MADISON, Wis. -- Allowing hunters to use dogs to track down wolves without any restrictions will result in bloody encounters between the animals, lawyers for animal rights groups argued Wednesday.
A coalition of humane societies filed a lawsuit arguing that state wildlife officials didn't impose restrictions on hunting dogs for this year's wolf hunt, which creates the potential for brutal wolf-dog clashes that violate Wisconsin's animal cruelty laws.
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During Wednesday's hearing, the groups asked Dane County Circuit Judge Peter C. Anderson to temporarily block the Department of Natural Resources from issuing wolf permits unless the agency notifies hunters that they cannot train dogs to go after wolves. Coalition attorney Robert Habush said the lack of hound restrictions amounted to "agency malpractice."
But the DNR says an injunction would effectively halt the hunt. Agency officials said they don't have enough time to add dog restrictions to permits before the hunt begins in October.
Assistant Attorney General Cynthia Hirsch told the judge DNR rule-makers believed the legislation that created the wolf hunt didn't grant them the authority to restrict dogs.
"Basically, DNR had no choice in this matter," she argued.
After listening to both sides for about three hours, Anderson said he would issue a decision Friday. He said he needs more time to consider the injunction request.
"We need to slow it down," Anderson said. "These are tough issues to get a handle on."
President Barack Obama's administration removed Minnesota, Wisconsin and Michigan wolves from the endangered species list in January, relegating their management to the states. Wisconsin Republicans pushed through a law this spring that allows hunters to use traps and dogs to chase wolves during daylight hours. No other state allows wolf hunters to use dogs, according to the DNR.
The first hunt is scheduled to begin Oct. 15 and run through the end of February.
The DNR crafted emergency regulations this summer to ensure the hunt could begin by October. The rules set the kill quota at 201 animals statewide, about a quarter of the state's wolves, and the maximum number of permits at 2,010. As of Wednesday, about 16,500 people had applied for a permit.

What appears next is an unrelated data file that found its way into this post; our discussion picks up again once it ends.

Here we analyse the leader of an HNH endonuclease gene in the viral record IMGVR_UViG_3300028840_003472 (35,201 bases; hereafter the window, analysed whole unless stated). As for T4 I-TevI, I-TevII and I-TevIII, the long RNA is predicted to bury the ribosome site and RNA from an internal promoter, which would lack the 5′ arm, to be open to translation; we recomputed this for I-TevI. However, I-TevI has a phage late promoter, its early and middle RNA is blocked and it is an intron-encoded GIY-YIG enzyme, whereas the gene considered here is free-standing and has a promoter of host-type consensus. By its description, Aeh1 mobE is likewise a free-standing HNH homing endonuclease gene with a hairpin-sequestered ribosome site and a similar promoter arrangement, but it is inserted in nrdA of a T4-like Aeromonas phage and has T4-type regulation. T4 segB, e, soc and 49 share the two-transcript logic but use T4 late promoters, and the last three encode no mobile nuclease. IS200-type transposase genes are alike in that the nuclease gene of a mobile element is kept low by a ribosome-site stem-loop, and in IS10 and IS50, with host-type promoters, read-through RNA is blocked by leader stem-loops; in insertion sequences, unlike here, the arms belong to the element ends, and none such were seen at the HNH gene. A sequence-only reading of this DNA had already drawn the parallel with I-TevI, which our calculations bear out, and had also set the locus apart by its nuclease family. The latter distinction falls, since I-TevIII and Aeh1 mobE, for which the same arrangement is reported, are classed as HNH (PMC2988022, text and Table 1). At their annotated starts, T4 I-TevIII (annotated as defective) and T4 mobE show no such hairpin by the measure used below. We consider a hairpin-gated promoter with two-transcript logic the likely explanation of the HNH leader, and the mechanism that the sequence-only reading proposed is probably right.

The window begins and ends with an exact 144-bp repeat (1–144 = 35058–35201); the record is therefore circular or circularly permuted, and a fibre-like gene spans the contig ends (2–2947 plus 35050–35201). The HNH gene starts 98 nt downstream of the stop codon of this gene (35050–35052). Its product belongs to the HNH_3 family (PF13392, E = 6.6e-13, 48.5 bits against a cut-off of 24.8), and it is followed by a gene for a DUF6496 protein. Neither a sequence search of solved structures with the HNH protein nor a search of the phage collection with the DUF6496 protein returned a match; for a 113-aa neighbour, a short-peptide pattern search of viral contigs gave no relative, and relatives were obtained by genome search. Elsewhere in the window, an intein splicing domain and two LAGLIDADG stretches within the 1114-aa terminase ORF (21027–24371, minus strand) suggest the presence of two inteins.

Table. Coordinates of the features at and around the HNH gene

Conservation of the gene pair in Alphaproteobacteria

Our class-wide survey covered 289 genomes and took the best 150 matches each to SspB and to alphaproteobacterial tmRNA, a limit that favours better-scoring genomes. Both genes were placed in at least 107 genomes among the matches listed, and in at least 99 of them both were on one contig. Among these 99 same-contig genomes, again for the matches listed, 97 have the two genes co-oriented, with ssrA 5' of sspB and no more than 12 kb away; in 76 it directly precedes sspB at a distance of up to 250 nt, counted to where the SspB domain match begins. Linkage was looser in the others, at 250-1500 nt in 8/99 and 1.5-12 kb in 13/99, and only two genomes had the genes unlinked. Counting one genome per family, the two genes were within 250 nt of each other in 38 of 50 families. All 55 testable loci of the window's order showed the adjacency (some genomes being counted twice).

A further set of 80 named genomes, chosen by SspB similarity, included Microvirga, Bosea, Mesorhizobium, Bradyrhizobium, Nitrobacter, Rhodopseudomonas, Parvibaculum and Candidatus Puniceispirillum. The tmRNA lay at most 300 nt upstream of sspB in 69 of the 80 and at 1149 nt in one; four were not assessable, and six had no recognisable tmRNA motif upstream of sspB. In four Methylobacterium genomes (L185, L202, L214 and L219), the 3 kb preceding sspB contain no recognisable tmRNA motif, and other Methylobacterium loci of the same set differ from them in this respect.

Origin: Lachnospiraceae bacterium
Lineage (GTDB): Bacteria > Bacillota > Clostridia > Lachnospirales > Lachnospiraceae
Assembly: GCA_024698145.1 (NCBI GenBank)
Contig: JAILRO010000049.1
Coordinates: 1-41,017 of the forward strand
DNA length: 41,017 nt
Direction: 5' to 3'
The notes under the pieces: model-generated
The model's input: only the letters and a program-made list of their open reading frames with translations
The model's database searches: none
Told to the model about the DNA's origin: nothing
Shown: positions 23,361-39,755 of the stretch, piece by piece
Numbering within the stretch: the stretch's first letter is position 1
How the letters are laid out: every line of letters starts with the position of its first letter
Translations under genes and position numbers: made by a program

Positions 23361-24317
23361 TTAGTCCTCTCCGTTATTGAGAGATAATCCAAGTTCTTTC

But the rules didn't include any restrictions on using hunting dogs, such as leash or lead requirements.
The humane societies and a wolf watcher group allege the DNR ignored expert findings that wolves will attack hunting dogs.
"Instead, it has adopted regulations whose sparsity and inexplicable lack of reasonable restrictions cross the line by allowing hunting to become a blood sport abhorred by modern society," the group said in court filings.
Hirsch argued the wolf hunt law states hunters can use dogs and DNR rule-makers believed adding restrictions would exceed their authority. The law didn't require the DNR to impose protections for dogs, she added. DNR attorney Tim Andryk said hunters felt leashes and leads were impractical in the woods and they can tell their dogs to stop through radio collars.
Hirsch also argued the humane societies have no grounds to sue since the hunting dogs don't belong to them, she added.
"While the plaintiffs are certainly upset ... their issue is with the Legislature, or the federal government in the first place for taking wolves off the endangered species list," Hirsch said.
Coalition attorney Carl Sinderbrand noted humane societies care for injured dogs and wolves and dog-wolf fights run counter to the societies' mission to protect animals. He also argued hunting dogs could injure wolf watchers and radio collar signals don't make hunting dogs stop.
He also said the DNR disregarded expert testimony during the rule-making process warning wolves will turn on dogs. The lack of regulation, he said, will turn the north woods into a "free-for-all."